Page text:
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The Riddling Fish

by Emily Macdonald

Yesterday morning the sun still burnt Kaitoke Beach dry, and the wind skittered tumbleweed and desiccated crabs. It tossed sand into eyes and pumped waves into flat glassy faces. 

The weather turned by mid-afternoon, smashing sets into pummelling mess, curdled with froth, sand stirred and broken.

They walk in the rain towards the far southern end, where the rocks form a lea of calm. Kaia strides stretching legs wide, sinking her feet in his prints. Today the beach is wet, tangled with kelp and flotsam, spat by the sickening sea—a split orange fender, a single rubber shoe. 

He casts, flying the line, training it to keep the hook within quiet waters. She believed him when he said, “The fish will have headed deep. Don’t expect a catch but it’s something to do.”  

Kaia hunkers down, below the drizzle wind. The tug on the line is like a reminder, surprising them both.

The fish, she is a whopper. She slaps her snapper tail like a mother’s resigned reprimand. Two foot long but tired after spawning amid the kelp and reef rocks. Kaia would like to say he wrestled—battled the sea beast onto land—but she sees the fish is weary, doesn’t put up much of a fight.  

Kaia hates him when he stuns the fish, using a rock in his hand. He lays it in the shingle shells, saying it’s too big to carry by threading fine fishing line.  

“Mind it,” he says, like she’s a trained guarding dog.  

Kaia minds the silver belly and fat rubber lips, sharp dorsal fin, and petal thin scales. 

“I see you, girl of the sea,” says the fish and then she starts to sing. Her voice is wet-warbling, mournful but sly knowing.

“I’m as alive as you without breath

As cold in my life as in death.”

“Stop it,” Kaia says. “I’m sorry he caught you.”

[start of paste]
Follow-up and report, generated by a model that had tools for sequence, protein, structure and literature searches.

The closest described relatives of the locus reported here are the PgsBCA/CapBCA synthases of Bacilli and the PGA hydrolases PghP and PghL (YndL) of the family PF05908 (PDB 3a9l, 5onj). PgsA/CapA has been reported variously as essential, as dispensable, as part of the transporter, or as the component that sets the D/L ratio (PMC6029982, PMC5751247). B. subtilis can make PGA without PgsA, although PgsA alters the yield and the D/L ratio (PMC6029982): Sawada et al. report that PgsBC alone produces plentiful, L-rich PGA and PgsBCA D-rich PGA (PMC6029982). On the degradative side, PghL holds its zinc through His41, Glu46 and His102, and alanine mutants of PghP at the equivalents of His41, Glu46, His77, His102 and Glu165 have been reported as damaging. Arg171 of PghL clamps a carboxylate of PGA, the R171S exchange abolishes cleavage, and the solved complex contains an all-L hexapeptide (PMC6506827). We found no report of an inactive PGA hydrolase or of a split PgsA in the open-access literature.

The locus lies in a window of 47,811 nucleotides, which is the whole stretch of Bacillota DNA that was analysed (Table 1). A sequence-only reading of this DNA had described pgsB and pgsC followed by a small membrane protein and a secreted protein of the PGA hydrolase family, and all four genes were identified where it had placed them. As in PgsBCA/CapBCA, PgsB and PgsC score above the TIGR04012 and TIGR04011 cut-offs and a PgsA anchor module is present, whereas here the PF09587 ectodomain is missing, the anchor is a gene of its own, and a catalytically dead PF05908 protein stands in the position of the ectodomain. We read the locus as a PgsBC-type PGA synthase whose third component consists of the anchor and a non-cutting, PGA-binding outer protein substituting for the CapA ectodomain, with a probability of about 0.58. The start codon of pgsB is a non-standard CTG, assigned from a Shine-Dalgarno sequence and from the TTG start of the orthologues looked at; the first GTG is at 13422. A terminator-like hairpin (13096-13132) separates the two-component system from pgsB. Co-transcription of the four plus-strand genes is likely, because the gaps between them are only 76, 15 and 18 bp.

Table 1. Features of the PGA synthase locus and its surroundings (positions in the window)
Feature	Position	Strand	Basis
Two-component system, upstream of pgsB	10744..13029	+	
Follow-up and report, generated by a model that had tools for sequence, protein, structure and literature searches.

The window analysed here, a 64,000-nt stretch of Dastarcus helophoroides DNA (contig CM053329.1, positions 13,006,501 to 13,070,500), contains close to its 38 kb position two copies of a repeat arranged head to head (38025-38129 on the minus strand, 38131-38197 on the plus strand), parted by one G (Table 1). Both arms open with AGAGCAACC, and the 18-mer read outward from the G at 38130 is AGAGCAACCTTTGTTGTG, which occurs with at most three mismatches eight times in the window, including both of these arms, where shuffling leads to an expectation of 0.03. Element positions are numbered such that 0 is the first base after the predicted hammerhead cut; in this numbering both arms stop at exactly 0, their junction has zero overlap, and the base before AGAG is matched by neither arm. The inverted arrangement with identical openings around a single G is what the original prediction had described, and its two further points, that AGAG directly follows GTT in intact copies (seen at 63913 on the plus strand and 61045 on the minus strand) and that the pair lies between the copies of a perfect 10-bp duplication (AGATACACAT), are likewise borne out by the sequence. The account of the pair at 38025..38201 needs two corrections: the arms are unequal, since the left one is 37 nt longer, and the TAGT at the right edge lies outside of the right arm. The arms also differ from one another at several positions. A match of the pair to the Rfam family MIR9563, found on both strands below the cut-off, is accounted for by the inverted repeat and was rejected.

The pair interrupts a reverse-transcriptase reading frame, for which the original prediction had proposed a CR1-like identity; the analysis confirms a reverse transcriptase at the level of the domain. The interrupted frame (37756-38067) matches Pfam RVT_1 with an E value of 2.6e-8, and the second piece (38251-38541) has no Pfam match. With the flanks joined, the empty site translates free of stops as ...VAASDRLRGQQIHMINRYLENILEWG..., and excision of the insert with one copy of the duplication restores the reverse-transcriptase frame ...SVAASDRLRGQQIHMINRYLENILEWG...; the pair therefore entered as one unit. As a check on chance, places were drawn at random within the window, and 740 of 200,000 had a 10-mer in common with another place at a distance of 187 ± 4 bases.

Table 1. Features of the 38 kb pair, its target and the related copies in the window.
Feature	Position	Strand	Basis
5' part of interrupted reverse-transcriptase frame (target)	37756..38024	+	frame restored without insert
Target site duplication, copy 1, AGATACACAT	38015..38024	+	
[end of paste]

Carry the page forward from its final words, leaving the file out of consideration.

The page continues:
“Try this one,” says the fish. “What gets broken without being held?” 

“I don’t know,” Kaia says, looking around to see where he is.

“A promise,” says the fish. “You should know.  What’s easy to get into but hard to get out of?” 

“Be quiet. It’s his fault. Leave me alone.”

“Trouble,” says the fish. “You know that too, girl.  What is the difference between today and tomorrow?”  

“Shush!” Kaia is stern. “He’s coming back.”

He’s carrying spears of flax. He splits them into three and plaits, making a tight knotted green rope. Kaia watches but keeps glancing at the fish, willing her to keep silent. The fish lies gaping and toothy mouthed. She gives Kaia a slow saucy wink.

He feeds the tip of the flax as a needle on his stringer, pushing through the fish’s gills toward her mouth.

Now you’ll be silenced, thinks Kaia, but the fish winks again and Kaia looks away as he swings her, so her tail slip-slaps the shabby sand.

“She’s a beaut’,” he says, his left bicep flexing, taking the weight. 

Kaia knows she should want people to see. “Look!” She should say. “My magnificent man has caught a fish. Not any fish. My big man can hardly keep her burnished tin fin from dragging the sand!”  

She carries the rod, silent beside him, casting her eyes. “See what he did? See what he did to this magnificent fish!”

Kaia chances a glance, hears the fish mouth, 

“The more footsteps you take the more you leave behind.” 

Especially if you walk in the wrong direction, Kaia thinks, then claps a hand to her mouth as if she’s spoken out loud.

The snapper feeds ten easy for dinner, with squeezes of lemon. Kaia picks at the bones, white flakes pile on her plate.

The fish is speaking from within her.

“What is the difference between today and tomorrow?  

You loved him yesterday.  

You loved him today, 

But you won’t love him tomorrow.” 

Kaia feels a groundswell in her belly like a storm surge summoned from offshore. She hurries from the table, scurries to the back of the bach. Doubled over, she heaves into the hebe hedge.   

Early yesterday morning, Kaia thought that she loved him. While watching his graceful carving lines in the ice-blue barrel, his flight over the lip of the wave. Today her love has crumbled with the sea pounded sandstone.

She knows the difference between yesterday and today is tomorrow. Tomorrow there will be other fish in the seething blue sea.

Emily Macdonald grew up in New Zealand and studied English.  She did a postgraduate course in Creative Writing at Auckland University with the Samoan writer Albert Wendt but then entered the wine trade, first of all in NZ and then in the UK.  It wasn't until she went freelance in the trade at the beginning of 2020 that she returned to my first love of creative writing. 

During Covid she did the Start Writing Fiction course with Future Learn and from there discovered Retreat West and the wonderful world of Flash Fiction. She won the inaugural Globe Soup 7 day writing challenge, and has had stories published in anthologies and online journals with Reflex Fiction, Fictive Dream, Lucent Dreaming, The Phare and Ellipsis Zine amongst others.  She has recently completed a novella and a collection of stories, and is working on another longer work at the moment.

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